Mughal Empire

Mughal Empire

  • 1526–1540
  • 1555–1857
The empire at its greatest extent, in c. 1700
Common languages
GovernmentUnitary federated centralized autocratic absolute monarchy under Islamic sharia[3]
• 1526–1530
Babur (first)
• 1837–1857
Bahadur Shah II (last)
Historical eraEarly modern
21 April 1526
• Empire interrupted by Sur Empire
• Death of Aurangzeb
3 March 1707
24 February 1739
21 September 1857
1690[5][6]4,000,000 km2 (1,500,000 sq mi)
• 1700[7]
CurrencyRupee, Taka, dam[8]:73–74
Preceded by
Succeeded by
Delhi Sultanate
Rajput states
Chero dynasty
Bengal Sultanate
Deccan sultanates
Maratha Empire
Bengal Subah
Durrani Empire
Sikh Empire
Company rule in India
British Raj

The Mughal (or Moghul) Empire was an early-modern empire in South Asia.[9] For some two centuries, the empire stretched from the outer fringes of the Indus basin in the west, northern Afghanistan in the northwest, and Kashmir in the north, to the highlands of present-day Assam and Bangladesh in the east, and the uplands of the Deccan plateau in South India.[10] At its greatest extent, it was one of the largest empires in the history of South Asia.[11]

The Mughal Empire is conventionally said to have been founded in 1526 by Babur, a warrior chieftain from what today is Uzbekistan, who employed aid from the neighboring Safavid and Ottoman empires[12] to defeat the Sultan of Delhi, Ibrahim Lodhi, in the First Battle of Panipat, and to sweep down the plains of Upper India. The Mughal imperial structure, however, is sometimes dated to 1600, to the rule of Babur's grandson, Akbar.[13] This imperial structure lasted until 1720, until shortly after the death of the last major emperor, Aurengzeb,[14][15] during whose reign the empire also achieved its maximum geographical extent. The empire subsequently fragmented, reduced to the region in and around Old Delhi by the time the British East India Company came to rule most of India. The empire was formally dissolved by the British Raj after the Indian Rebellion of 1857.

Although the Mughal Empire was created and sustained by military warfare,[16][17][18] it did not vigorously suppress the cultures and peoples it came to rule, but rather equalized and placated them through new administrative practices,[19][20] and diverse ruling elites, leading to more efficient, centralised, and standardized rule.[21] The relative peace maintained by the empire during much of the 17th century was a factor in India's economic expansion.[22] The main base of the empire's collective wealth was agricultural taxes, instituted by the third Mughal emperor, Akbar.[23][24] Mughal India was also the world leader in manufacturing,[25] producing about 25% of the world's industrial output up until the 18th century.[26] Burgeoning European presence in the Indian Ocean, and its increasing demand for Indian raw and finished products, created still greater wealth in the Mughal courts.[27]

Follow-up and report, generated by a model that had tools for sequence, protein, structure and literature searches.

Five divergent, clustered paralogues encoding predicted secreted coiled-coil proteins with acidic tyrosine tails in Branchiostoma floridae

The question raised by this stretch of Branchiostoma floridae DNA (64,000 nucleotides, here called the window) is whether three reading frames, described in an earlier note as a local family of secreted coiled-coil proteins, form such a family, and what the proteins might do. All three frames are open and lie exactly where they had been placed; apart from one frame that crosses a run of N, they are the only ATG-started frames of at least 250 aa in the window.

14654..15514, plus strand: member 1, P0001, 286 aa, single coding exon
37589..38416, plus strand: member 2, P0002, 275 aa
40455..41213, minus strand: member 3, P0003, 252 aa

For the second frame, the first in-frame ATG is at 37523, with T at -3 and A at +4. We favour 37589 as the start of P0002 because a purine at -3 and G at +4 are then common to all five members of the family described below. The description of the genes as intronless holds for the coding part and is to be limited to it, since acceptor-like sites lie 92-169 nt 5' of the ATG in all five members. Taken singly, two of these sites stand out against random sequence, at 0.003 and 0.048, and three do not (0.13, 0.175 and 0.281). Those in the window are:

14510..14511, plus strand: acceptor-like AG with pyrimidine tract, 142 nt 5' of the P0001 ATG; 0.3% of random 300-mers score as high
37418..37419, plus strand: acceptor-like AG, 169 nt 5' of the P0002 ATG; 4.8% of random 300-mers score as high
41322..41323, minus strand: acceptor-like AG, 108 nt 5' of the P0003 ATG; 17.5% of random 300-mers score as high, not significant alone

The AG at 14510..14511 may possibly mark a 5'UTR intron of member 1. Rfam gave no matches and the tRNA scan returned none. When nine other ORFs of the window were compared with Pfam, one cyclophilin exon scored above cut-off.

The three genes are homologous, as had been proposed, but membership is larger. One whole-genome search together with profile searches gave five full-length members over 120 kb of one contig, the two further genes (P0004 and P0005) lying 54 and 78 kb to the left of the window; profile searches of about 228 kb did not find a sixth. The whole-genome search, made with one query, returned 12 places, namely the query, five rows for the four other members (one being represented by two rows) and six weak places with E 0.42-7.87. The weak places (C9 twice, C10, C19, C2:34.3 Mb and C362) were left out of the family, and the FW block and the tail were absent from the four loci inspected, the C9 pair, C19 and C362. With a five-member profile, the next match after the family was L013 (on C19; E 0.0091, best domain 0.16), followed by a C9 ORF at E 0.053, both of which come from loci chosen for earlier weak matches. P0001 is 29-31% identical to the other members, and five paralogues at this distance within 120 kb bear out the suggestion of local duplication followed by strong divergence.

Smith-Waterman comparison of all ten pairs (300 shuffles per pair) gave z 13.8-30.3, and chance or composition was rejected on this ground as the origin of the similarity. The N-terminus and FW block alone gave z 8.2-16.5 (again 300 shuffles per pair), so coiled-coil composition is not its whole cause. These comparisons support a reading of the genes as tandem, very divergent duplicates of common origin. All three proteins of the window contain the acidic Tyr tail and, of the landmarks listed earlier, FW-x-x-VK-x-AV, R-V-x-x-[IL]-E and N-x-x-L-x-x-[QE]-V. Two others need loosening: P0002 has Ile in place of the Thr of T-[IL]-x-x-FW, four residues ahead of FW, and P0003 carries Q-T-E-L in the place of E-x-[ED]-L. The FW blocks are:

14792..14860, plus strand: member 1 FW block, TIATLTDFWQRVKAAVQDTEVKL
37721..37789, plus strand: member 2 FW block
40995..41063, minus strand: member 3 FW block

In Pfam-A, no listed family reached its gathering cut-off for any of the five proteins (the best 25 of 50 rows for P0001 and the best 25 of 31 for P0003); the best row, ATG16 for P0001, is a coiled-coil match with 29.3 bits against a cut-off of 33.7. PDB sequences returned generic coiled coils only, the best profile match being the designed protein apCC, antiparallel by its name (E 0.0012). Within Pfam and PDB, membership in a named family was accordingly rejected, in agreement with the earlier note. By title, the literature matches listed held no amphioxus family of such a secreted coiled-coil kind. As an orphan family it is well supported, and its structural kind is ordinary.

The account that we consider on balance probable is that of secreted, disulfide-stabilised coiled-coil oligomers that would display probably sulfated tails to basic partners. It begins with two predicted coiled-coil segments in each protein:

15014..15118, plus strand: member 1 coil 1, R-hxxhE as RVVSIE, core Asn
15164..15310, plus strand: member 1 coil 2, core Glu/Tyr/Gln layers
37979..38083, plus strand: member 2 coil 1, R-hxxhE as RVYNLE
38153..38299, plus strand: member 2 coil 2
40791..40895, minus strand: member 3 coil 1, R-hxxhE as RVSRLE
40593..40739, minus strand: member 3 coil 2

There was more conspicuous consumption among the Mughal elite,[28] resulting in greater patronage of painting, literary forms, textiles, and architecture, especially during the reign of Shah Jahan.[29] Among the Mughal UNESCO World Heritage Sites in South Asia are the Agra Fort, Fatehpur Sikri, the Red Fort, Humayun's Tomb, the Lahore Fort and the Taj Mahal, which is described as "the jewel of Muslim art in India, and one of the universally admired masterpieces of the world's heritage".[30]


Contemporaries referred to the empire founded by Babur as the Timurid empire,[31] which reflected the heritage of his dynasty, and this was the term preferred by the Mughals themselves.[32]

The Mughal designation for their own dynasty was Gurkani (Persian: گورکانیان‎, Gūrkāniyān, meaning "sons-in-law").[33] The use of "Mughal" derived from the Arabic and Persian corruption of "Mongol", and it emphasised the Mongol origins of the Timurid dynasty.[34] The term gained currency during the 19th century, but remains disputed by Indologists.[35] Similar terms had been used to refer to the empire, including "Mogul" and "Moghul".[36][37] Nevertheless, Babur's ancestors were sharply distinguished from the classical Mongols insofar as they were oriented towards Persian rather than Turco-Mongol culture.[38]

Another name for the empire was Hindustan, which was documented in the Ain-i-Akbari, and which has been described as the closest to an official name for the empire.[39] In the west, the term "Mughal" was used for the emperor, and by extension, the empire as a whole.[40]

Other Languages
Afrikaans: Mogolryk
asturianu: Imperiu mogol
Bân-lâm-gú: Mogul Tè-kok
беларуская (тарашкевіца)‎: Імпэрыя Вялікіх Маголаў
भोजपुरी: मुगल राज
català: Imperi Mogol
dansk: Mogulriget
Deutsch: Mogulreich
español: Imperio mogol
Esperanto: Mogola Imperio
français: Empire moghol
客家語/Hak-kâ-ngî: Mogul Ti-koet
한국어: 무굴 제국
Bahasa Indonesia: Kesultanan Mughal
íslenska: Mógúlveldið
italiano: Moghul
latviešu: Mogulu impērija
lietuvių: Mogolų imperija
Limburgs: Mughalriek
Bahasa Melayu: Empayar Mughal
Nederlands: Mogolrijk
नेपाल भाषा: मुगल साम्राज्य
日本語: ムガル帝国
norsk: Mogulriket
norsk nynorsk: Mogulriket
oʻzbekcha/ўзбекча: Boburiylar davlati
ਪੰਜਾਬੀ: ਮੁਗਲ ਸਲਤਨਤ
پنجابی: مغلیہ سلطنت
português: Império Mogol
română: Imperiul Mogul
Simple English: Mughal Empire
slovenčina: Mughali
slovenščina: Mogulski imperij
српски / srpski: Mogulsko carstvo
srpskohrvatski / српскохрватски: Mogulsko Carstvo
svenska: Mogulriket
татарча/tatarça: Böyek Mogollar İmperiäse
Türkçe: Babürlüler
Tiếng Việt: Đế quốc Mogul